When a group of friends get together, they may just chat, shoot the breeze, or have a bull session. If they don't like someone, they may start some gossip about that person by telling tales about his behavior. This is rumor-mongering at its worst, full of backbiting and hyperbole.

There are some people out there who just have the gift of gab. They will opine about any subject at any time; engage complete strangers in far-ranging debates; and comment, editorialize, expostulate, and yack until no one will listen.

Business meetings are full of times when someone with a new idea will run it up the flagpole and see who salutes. Maybe management will kick it around for a while to see if it has any merit. Some people believe so strongly in their ideas that they sound as if they are preaching when they talk about them, and if they're lucky, they'll be preaching to the choir. Of course there are cases in which managers have listened to someone who shoots from the hip and gets it wrong, only to end up losing the company's money. Maybe the manager will only have words with the employee, but more likely he'll read him the riot act (and you bet he'll curse a few times in all of that).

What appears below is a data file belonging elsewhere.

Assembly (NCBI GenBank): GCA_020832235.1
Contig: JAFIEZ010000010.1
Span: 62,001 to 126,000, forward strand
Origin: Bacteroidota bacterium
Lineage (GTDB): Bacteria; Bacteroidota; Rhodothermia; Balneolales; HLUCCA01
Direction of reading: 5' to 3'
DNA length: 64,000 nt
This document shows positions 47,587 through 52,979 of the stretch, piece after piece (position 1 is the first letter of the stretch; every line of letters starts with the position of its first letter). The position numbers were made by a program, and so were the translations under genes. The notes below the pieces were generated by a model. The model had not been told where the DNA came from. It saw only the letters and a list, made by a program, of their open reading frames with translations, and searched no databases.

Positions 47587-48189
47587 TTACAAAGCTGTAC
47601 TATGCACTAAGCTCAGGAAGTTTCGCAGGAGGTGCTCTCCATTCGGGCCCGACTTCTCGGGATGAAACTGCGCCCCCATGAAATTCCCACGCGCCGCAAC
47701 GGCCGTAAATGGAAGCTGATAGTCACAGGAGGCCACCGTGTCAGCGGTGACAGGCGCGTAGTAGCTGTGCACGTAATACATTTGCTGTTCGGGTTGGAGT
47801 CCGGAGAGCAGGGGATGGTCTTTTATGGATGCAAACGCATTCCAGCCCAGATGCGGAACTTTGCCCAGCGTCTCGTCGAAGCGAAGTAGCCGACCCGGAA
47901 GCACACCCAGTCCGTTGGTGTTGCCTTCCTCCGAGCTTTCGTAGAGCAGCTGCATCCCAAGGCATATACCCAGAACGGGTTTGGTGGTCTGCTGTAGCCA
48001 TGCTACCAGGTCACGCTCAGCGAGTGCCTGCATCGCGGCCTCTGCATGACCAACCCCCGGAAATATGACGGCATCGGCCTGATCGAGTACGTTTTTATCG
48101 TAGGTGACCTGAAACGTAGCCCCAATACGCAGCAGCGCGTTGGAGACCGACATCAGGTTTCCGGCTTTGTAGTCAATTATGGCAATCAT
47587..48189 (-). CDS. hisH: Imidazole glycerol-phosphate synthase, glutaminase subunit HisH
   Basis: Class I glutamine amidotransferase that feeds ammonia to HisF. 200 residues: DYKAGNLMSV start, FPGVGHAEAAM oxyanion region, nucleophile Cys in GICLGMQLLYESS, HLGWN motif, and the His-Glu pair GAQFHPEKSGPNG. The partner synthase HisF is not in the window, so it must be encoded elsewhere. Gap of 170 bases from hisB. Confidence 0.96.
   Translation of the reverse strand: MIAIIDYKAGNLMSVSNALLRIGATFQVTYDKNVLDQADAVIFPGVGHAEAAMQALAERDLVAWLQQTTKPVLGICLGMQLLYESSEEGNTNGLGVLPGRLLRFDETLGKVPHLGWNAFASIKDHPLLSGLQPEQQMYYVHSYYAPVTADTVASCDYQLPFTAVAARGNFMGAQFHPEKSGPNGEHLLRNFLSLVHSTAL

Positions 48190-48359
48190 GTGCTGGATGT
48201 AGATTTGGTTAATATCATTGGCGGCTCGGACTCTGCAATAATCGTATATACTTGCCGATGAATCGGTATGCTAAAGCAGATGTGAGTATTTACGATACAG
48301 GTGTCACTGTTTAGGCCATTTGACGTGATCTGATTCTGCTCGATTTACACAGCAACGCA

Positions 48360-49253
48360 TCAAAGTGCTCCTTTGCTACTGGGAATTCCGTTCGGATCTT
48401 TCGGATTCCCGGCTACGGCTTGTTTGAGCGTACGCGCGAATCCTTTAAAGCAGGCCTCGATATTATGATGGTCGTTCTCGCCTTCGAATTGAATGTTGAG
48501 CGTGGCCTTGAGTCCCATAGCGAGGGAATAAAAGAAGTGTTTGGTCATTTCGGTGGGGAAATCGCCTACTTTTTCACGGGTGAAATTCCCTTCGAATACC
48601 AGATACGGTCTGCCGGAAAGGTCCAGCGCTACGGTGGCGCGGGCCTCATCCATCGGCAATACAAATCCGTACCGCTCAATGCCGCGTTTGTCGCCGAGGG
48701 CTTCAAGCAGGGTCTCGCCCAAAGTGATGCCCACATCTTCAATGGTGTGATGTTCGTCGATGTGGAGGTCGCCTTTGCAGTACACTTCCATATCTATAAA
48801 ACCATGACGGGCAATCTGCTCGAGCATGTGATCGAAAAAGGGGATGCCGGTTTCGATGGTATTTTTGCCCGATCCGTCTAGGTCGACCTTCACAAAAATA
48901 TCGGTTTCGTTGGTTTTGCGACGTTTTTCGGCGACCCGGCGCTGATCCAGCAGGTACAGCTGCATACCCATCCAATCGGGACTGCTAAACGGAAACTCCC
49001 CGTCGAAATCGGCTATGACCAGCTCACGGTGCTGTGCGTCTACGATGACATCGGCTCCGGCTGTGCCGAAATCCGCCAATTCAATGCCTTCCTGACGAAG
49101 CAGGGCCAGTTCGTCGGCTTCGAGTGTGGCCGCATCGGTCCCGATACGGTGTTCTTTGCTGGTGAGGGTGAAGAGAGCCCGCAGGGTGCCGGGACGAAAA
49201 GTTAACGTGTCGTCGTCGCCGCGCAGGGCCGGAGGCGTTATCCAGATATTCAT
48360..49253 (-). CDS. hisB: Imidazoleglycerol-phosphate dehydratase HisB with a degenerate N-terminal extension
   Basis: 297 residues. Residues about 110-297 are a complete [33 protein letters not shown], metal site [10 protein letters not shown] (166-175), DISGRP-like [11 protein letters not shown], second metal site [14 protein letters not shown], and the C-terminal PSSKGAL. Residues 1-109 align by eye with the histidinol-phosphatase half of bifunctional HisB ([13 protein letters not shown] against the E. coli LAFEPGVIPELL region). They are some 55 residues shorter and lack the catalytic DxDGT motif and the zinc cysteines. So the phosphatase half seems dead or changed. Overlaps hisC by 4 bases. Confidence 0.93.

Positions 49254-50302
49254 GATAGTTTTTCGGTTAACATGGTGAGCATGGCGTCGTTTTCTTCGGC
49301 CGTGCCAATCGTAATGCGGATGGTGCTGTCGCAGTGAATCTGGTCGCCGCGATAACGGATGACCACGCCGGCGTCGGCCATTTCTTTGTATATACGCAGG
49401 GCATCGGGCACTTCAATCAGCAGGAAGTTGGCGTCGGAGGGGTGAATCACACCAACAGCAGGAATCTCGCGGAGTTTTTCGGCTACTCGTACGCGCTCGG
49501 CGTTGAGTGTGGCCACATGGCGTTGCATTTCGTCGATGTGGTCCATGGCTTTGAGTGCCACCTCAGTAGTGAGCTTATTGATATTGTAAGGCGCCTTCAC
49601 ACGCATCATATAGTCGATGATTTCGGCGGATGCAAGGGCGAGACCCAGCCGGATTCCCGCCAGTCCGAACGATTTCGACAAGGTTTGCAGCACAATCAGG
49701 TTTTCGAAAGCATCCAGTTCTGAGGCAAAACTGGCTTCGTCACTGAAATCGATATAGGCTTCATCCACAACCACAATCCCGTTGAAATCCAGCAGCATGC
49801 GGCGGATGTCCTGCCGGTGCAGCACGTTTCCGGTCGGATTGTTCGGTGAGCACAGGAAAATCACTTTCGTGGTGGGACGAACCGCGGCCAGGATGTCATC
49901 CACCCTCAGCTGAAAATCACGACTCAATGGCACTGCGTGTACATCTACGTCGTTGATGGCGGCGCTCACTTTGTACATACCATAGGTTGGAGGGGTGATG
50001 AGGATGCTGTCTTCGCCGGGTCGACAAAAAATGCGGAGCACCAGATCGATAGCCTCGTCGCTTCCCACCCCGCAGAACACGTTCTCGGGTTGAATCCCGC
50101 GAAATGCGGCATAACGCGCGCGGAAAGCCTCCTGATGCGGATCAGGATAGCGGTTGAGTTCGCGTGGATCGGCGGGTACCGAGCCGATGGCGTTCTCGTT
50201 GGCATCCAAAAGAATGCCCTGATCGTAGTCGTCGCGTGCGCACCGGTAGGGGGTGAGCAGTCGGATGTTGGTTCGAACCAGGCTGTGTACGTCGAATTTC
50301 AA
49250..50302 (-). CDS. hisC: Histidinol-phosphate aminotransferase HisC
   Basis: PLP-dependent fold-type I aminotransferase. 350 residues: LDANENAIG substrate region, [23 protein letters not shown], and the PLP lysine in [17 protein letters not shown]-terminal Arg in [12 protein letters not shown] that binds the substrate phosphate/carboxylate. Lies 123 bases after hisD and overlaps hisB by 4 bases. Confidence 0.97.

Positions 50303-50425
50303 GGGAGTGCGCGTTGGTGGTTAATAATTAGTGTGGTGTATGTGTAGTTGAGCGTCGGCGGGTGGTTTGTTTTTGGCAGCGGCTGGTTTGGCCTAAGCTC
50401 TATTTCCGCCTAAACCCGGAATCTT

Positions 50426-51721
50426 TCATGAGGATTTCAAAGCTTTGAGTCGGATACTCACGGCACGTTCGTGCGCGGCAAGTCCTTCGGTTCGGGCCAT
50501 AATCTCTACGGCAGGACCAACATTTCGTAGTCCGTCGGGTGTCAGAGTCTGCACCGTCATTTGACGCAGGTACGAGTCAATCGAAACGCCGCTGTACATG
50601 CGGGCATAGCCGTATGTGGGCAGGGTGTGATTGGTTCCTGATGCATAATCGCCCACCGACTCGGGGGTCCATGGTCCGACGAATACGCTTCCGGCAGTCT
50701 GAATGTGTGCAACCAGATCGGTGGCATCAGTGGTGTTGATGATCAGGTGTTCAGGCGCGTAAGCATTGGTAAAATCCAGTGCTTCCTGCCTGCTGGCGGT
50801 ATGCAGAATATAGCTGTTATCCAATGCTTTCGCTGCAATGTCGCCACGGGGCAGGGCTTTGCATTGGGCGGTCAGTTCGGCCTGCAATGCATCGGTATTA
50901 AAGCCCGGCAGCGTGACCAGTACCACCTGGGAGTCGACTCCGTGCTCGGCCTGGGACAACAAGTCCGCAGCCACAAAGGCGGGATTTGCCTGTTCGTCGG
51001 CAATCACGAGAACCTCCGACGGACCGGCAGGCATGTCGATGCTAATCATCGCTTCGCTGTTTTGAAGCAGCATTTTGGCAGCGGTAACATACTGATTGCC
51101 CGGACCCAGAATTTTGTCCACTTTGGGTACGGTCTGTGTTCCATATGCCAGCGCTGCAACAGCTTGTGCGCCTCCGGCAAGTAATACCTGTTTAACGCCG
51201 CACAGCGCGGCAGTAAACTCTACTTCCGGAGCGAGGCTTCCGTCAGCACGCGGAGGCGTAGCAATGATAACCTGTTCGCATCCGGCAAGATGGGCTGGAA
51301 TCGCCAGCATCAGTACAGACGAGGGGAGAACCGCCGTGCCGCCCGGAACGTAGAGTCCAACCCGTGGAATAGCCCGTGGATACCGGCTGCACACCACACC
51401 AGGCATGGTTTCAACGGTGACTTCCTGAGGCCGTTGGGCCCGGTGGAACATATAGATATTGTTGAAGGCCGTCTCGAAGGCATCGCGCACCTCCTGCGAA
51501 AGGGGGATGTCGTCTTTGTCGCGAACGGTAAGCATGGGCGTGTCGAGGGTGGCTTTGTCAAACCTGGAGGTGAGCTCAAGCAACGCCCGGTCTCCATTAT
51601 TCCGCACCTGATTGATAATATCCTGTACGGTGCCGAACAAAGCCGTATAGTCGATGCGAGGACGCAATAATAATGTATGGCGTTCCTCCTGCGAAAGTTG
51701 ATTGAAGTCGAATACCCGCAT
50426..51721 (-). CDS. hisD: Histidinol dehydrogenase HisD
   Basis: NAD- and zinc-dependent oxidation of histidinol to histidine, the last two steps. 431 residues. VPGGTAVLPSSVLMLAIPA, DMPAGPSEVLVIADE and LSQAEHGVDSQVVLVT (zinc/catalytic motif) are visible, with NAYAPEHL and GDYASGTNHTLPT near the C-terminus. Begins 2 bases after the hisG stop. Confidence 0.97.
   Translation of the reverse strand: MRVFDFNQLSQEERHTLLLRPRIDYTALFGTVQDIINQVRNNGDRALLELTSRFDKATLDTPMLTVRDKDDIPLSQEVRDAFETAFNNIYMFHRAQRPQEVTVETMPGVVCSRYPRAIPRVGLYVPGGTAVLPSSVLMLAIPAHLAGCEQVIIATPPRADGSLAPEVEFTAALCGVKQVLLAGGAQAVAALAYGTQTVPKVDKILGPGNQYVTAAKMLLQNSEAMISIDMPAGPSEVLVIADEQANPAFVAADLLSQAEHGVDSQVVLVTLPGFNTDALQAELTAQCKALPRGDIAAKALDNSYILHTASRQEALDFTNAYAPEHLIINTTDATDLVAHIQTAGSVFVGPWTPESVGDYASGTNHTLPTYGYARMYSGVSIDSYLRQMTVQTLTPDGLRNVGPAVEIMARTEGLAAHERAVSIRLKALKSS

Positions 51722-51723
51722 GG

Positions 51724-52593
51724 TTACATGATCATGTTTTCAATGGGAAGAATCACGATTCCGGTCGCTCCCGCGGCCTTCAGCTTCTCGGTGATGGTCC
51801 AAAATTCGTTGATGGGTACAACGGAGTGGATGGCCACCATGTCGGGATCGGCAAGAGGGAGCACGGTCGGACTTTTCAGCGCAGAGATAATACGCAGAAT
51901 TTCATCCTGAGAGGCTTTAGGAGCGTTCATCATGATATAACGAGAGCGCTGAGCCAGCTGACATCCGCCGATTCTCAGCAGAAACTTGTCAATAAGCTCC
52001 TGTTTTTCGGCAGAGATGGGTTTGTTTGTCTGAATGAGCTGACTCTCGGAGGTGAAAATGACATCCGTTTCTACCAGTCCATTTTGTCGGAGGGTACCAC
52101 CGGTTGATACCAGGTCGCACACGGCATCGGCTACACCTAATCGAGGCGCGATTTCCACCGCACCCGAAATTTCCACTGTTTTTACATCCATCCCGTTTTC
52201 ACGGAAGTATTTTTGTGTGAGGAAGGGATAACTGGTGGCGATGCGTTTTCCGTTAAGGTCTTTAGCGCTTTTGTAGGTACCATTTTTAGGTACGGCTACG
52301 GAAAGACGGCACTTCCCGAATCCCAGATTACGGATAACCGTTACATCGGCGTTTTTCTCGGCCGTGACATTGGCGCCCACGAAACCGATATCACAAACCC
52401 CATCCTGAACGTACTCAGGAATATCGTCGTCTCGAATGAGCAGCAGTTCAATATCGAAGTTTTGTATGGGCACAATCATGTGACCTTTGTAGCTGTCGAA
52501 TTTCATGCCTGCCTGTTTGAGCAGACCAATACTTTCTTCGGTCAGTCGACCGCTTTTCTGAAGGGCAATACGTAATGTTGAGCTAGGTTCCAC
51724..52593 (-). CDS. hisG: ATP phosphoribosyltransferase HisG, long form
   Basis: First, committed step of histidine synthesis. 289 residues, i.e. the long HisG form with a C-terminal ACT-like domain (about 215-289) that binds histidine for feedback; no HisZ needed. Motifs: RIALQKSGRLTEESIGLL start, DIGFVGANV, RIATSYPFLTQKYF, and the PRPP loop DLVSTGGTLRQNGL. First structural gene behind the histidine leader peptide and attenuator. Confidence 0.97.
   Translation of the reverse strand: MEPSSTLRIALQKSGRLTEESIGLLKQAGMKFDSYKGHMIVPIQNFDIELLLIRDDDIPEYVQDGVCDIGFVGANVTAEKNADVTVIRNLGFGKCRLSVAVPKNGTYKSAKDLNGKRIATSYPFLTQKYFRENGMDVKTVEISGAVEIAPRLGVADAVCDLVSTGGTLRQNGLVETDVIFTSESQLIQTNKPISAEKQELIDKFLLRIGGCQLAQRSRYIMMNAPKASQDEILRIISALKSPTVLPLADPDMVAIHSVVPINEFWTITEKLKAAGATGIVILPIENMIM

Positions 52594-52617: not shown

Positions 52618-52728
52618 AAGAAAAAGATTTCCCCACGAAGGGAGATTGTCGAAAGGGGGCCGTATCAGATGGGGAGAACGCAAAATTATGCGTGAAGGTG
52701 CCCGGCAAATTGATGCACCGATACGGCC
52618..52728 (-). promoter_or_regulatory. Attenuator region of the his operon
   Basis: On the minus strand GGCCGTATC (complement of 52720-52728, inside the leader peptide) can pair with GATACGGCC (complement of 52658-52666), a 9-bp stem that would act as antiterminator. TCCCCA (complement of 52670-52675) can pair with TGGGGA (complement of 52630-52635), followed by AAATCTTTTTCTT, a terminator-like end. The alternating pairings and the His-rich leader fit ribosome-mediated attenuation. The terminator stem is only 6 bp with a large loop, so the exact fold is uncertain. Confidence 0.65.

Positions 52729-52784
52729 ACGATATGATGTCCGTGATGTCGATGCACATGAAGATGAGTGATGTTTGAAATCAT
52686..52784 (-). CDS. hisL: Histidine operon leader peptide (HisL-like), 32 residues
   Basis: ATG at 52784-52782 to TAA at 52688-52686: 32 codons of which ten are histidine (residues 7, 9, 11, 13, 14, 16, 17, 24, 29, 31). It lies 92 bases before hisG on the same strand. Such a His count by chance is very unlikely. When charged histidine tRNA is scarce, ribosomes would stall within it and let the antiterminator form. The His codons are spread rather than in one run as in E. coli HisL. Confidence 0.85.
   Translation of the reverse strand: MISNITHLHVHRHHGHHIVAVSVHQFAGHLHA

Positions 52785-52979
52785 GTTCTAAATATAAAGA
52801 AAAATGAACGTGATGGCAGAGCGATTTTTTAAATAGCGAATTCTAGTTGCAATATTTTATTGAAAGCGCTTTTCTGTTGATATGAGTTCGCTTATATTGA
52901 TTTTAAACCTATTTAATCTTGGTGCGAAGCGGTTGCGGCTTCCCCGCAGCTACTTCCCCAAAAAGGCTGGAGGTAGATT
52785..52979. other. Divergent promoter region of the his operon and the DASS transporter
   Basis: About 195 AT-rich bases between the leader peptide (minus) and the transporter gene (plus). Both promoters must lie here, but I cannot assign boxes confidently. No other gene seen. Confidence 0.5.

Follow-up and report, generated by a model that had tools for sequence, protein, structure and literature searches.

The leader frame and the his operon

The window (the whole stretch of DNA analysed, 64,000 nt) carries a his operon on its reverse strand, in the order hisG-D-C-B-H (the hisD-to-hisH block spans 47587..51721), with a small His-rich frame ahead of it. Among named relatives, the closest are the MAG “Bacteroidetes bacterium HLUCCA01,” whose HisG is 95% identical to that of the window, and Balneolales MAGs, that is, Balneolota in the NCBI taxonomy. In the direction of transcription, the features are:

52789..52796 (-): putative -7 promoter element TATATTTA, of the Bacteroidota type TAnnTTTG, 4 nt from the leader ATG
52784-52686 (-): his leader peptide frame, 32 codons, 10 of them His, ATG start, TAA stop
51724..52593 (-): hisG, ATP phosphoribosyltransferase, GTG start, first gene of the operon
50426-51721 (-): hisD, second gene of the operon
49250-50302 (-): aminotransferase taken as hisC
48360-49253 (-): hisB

There are so many other cases I would love to cover here, but I just don't have the space this week. Perhaps, if you email me some ideas, we can open a dialogue, engage in some give-and-take, and negotiate (without any double-talk, please) a future article.

To talk repetitively or about apparently unconnected topics. Someone who is babbling can also be said to be "rambling."
Unkind or untrue comments made about someone who is not present. This is usually done to harm the person's reputuation.
Bull session
This is an informal gathering in which people talk about whatever is happening in their lives. Many times these gatherings take place late at night and with plenty of food and/or alcohol present.
To talk informally. You may call someone on the telephone "just to chat" and see how they are doing. People chat over meals with friends (though if it is a date, it may be "small talk" - chatting about small things to hide nervousness).
To use profanity or vulgarity. How acceptable cursing-also referred to as "swearing"-is in a given situation will depend on many factors. When in doubt, don't do it.